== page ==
BPRC has an excellent reputation when it comes to knowledge, colony management, and accommodating and looking after its animals. We apply sophisticated methods so as to minimise the discomfort experienced by the animals to the maximum extent possible, and we have a transparent policy with regard to animal welfare. On that basis, we are happy to tell you more about our annual animal health checks, executed under the supervision of our four vets.
Three main duties
One of these vets is Jaco, who has been with us since 2002. Jaco and his colleagues in the veterinary team have three main duties: monitoring animal health, facilitating experiments and providing education. Animal health is monitored primarily by way of the annual health checks (more about that later) and by treating health problems that may occur from time to time.
'We are home to a relatively large group of primates, particularly compared to zoos. The majority, around one thousand, live in breeding groups. Breeding groups allow them to display their natural behaviour. The downside is a number of naturally occurring problems, such as challenges to the hierarchy and diarrhoea. These issues require an adequate response on the part of vets, who always need to make a comparative assessment between the benefits of treating an individual and the impact of such a treatment on the group as a whole.'
The group vs the individual
Jaco is aware that the need for such an assessment may not be immediately obvious to outsiders. 'If you want to treat an individual primate, you always need to take the composition of the group into account. With primates, small cuts heal of their own accord. Under such circumstances, why run the risk of increasing the stress level of the whole group by removing a single individual? Another thing to consider is that primates do not simply come to you for treatment. Whenever we need to make such an assessment, we consult a behavioural expert, who knows exactly what position the primate concerned occupies in the hierarchy. If treatment is necessary, we will obviously provide it; but when you know that a problem will sort itself out and an intervention will mainly cause stress, the best course of action is to do nothing. Moreover, primates generally make a speedy and complete recovery.'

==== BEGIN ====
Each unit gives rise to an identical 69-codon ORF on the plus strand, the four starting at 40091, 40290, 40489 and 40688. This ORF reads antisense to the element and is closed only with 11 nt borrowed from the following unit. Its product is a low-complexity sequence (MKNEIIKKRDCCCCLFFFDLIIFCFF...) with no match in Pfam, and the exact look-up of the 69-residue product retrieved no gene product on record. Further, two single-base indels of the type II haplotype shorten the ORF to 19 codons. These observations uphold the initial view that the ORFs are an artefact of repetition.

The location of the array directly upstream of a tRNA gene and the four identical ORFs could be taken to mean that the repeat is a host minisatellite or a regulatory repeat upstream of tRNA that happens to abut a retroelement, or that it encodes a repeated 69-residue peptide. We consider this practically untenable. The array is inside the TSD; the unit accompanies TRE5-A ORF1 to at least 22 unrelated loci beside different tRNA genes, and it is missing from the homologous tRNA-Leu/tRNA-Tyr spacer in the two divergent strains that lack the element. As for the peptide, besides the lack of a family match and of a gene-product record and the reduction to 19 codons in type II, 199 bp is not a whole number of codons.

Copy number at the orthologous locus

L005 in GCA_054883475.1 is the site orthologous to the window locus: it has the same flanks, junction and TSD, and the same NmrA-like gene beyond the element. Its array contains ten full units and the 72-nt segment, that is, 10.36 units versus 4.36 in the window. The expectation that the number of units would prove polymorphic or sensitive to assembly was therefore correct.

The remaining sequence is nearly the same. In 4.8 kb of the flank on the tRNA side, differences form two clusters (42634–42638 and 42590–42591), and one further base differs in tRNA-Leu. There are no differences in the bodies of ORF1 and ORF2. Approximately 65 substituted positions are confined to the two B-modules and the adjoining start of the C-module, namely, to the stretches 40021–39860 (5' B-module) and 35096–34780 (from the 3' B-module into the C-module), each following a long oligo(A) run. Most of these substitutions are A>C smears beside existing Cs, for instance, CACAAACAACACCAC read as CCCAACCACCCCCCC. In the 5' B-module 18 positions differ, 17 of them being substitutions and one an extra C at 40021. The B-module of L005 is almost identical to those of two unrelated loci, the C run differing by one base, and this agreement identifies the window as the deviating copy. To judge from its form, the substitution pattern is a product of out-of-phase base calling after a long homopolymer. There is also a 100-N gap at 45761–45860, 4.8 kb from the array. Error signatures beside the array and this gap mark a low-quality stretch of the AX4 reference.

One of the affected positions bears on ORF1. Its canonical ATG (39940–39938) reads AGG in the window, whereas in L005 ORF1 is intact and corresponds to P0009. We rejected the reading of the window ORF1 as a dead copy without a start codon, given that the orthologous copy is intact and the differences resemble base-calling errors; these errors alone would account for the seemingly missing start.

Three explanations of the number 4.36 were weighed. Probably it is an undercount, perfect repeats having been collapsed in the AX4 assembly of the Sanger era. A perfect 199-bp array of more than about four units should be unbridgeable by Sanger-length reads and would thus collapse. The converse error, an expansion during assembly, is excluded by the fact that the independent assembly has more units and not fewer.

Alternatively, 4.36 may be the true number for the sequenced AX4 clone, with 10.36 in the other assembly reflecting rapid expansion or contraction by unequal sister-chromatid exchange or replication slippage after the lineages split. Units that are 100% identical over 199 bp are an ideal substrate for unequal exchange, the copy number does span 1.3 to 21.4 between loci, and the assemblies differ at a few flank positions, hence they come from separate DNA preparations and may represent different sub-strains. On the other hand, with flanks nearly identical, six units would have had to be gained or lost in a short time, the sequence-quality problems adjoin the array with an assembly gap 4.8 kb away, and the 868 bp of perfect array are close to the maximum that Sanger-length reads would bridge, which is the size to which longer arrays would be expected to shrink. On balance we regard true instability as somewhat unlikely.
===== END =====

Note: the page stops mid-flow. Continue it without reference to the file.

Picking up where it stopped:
Facilitating experiments and providing education
The members of the veterinary team facilitate experiments by executing the biomedical procedures of primate studies, such as injecting the lungs with infections for the purpose of tuberculosis research and removing biopsies (bits of tissue) for microscopic examination. This responsibility also covers animal welfare activities, such as providing pain relief for arthritis. The vets' main duty of providing education mainly involves organising tours and presentations for students. 'I gave a presentation for PhD candidates of Utrecht University only last week. We usually do so in-house, so they can visit the primates at the same time.'
Annual health checks
Once a year, the vets check the overall health of the breeding colony by administering a check-up to each individual primate. 'We check one complete breeding group at a time. Such a group comprises between 25 and 40 animals. We execute this check once a year at most, unless an animal is selected for an experiment, in which case we execute a more comprehensive health check. After all, studies require the use of previously healthy animals.'
Step 1: Narcosis
Before any biotechnical procedures can be executed, the animals must be anaesthetised. This process must be done when their stomachs are empty. As most procedures are executed in the morning, this fact means that animals receive no food or drink after 17:00 the day before. Jaco: 'This situation does not disrupt their normal routine, as part of which they receive their last meal of the day around 16:00. If they feel hungry afterwards, they can help themselves to whatever might be left. As a result, there is no change to the normal feeding schedule. The one difference is that we empty the feeding troughs completely at 17:00. However, the animals continue to have access only to drinking water.'